Power outages are often unavoidable. Just ask Paul Van Metre, vice president of marketing and sales at Pro CNC (www.procnc.com). I visited this Bellingham, Washington shop to profile its use of basic franchising concepts to maximize efficiency (Creating A Machine Shop Franchise Template). Unfortunately, Pro CNC has lost power to its facility on a number of occasions. In fact, the electricity went out as my visit for the story drew to a close.
Here are some tips Mr. Van Metre provides to make a power outage less painful.
- Start with surge protection. Surge protectors are cheap and will protect sensitive equipment. However, the hassle of restarting your CNC machines remains.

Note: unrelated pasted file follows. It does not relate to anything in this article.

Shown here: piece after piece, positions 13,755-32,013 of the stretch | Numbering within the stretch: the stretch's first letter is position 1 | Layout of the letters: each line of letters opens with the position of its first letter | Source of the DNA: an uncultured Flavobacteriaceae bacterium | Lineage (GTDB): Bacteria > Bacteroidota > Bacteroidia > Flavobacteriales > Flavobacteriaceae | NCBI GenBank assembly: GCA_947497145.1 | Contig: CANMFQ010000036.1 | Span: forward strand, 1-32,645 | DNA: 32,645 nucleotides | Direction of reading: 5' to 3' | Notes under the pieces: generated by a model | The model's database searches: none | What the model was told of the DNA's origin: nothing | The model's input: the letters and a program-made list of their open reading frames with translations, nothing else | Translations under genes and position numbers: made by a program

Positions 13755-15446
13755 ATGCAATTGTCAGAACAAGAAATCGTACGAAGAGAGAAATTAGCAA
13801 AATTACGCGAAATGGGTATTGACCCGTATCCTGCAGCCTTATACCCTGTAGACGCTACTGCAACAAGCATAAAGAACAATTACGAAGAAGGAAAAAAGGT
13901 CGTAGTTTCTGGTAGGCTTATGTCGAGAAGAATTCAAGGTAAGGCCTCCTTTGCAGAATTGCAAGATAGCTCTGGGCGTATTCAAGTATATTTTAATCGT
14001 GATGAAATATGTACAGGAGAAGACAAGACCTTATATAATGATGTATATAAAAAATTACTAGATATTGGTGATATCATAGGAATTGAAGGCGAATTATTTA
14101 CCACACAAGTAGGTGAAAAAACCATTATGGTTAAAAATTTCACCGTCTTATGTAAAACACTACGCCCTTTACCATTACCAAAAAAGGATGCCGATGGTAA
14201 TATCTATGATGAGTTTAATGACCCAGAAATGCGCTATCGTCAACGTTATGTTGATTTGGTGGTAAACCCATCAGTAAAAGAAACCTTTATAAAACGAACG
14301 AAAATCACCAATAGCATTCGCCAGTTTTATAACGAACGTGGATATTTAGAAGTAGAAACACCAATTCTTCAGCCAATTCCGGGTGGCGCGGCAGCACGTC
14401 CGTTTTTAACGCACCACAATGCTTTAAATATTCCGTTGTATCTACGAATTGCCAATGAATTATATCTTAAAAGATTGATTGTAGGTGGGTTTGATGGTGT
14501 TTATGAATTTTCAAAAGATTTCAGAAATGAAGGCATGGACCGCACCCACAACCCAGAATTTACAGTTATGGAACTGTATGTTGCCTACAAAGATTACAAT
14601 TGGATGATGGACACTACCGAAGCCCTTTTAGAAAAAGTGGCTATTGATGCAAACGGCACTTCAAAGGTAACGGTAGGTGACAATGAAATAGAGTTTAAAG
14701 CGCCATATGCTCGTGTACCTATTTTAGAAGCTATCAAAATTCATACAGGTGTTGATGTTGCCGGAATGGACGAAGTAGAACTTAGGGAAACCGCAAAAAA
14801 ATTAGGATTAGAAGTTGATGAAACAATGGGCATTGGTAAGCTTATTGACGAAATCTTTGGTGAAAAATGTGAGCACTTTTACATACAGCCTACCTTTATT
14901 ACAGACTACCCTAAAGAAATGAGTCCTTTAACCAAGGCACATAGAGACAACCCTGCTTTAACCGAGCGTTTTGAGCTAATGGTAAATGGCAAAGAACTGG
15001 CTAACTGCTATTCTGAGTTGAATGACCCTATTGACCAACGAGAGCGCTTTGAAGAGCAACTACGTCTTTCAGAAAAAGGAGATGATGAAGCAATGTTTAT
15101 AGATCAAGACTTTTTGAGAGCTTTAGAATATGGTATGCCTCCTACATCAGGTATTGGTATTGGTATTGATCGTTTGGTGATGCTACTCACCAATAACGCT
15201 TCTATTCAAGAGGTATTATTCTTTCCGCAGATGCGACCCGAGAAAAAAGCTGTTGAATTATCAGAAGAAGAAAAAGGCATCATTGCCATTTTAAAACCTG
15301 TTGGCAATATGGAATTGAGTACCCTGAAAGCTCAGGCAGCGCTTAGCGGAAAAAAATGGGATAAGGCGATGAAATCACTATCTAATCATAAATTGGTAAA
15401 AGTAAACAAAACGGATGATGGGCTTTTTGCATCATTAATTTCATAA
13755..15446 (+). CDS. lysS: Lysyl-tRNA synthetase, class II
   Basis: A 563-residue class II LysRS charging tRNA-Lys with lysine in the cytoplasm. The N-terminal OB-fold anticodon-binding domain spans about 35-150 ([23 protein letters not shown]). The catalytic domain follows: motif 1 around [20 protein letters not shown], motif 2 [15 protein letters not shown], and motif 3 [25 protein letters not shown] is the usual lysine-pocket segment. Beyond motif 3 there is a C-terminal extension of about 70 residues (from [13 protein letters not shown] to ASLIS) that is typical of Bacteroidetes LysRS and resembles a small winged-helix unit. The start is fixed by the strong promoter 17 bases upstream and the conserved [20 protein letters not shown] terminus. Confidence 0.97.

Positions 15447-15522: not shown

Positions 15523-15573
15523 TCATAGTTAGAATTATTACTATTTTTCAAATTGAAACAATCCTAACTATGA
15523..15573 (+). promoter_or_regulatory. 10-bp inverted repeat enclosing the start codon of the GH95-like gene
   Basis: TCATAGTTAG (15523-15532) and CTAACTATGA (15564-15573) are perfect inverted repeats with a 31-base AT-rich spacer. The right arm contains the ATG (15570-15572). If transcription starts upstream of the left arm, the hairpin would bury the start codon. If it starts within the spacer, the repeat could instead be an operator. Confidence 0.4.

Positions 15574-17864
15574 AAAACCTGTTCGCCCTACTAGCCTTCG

- Connect all computers to an Uninterruptible Power Supply (UPS). A UPS is essentially a battery with a circuit board controlling the power that flows through and around it. Mr. Van Metre suggests avoiding the small ones—they won’t help at all. Calculate computer and monitor power usage and purchase a UPS that will provide at least 5 minutes of reserve power to allow you to save and close programs. Be sure monitors are connected to the UPS, too. You want to be able to see what you’re doing on the computer in the event of an outage, right?
- Set your software programs to auto-save. Nothing is more frustrating than losing a couple hours worth of toolpath generation.
- Install industrial surge suppression if you can afford it. A company-wide suppression system at the main electrical panel may seem expensive, but if you consider what it would cost to replace the main controller boards on a couple of CNC machines, the suppression system starts to look affordable.
- A company-wide, UPS/backup generator system provides the ultimate in protection. With that said, it can also be cost-prohibitive for all but the largest shops.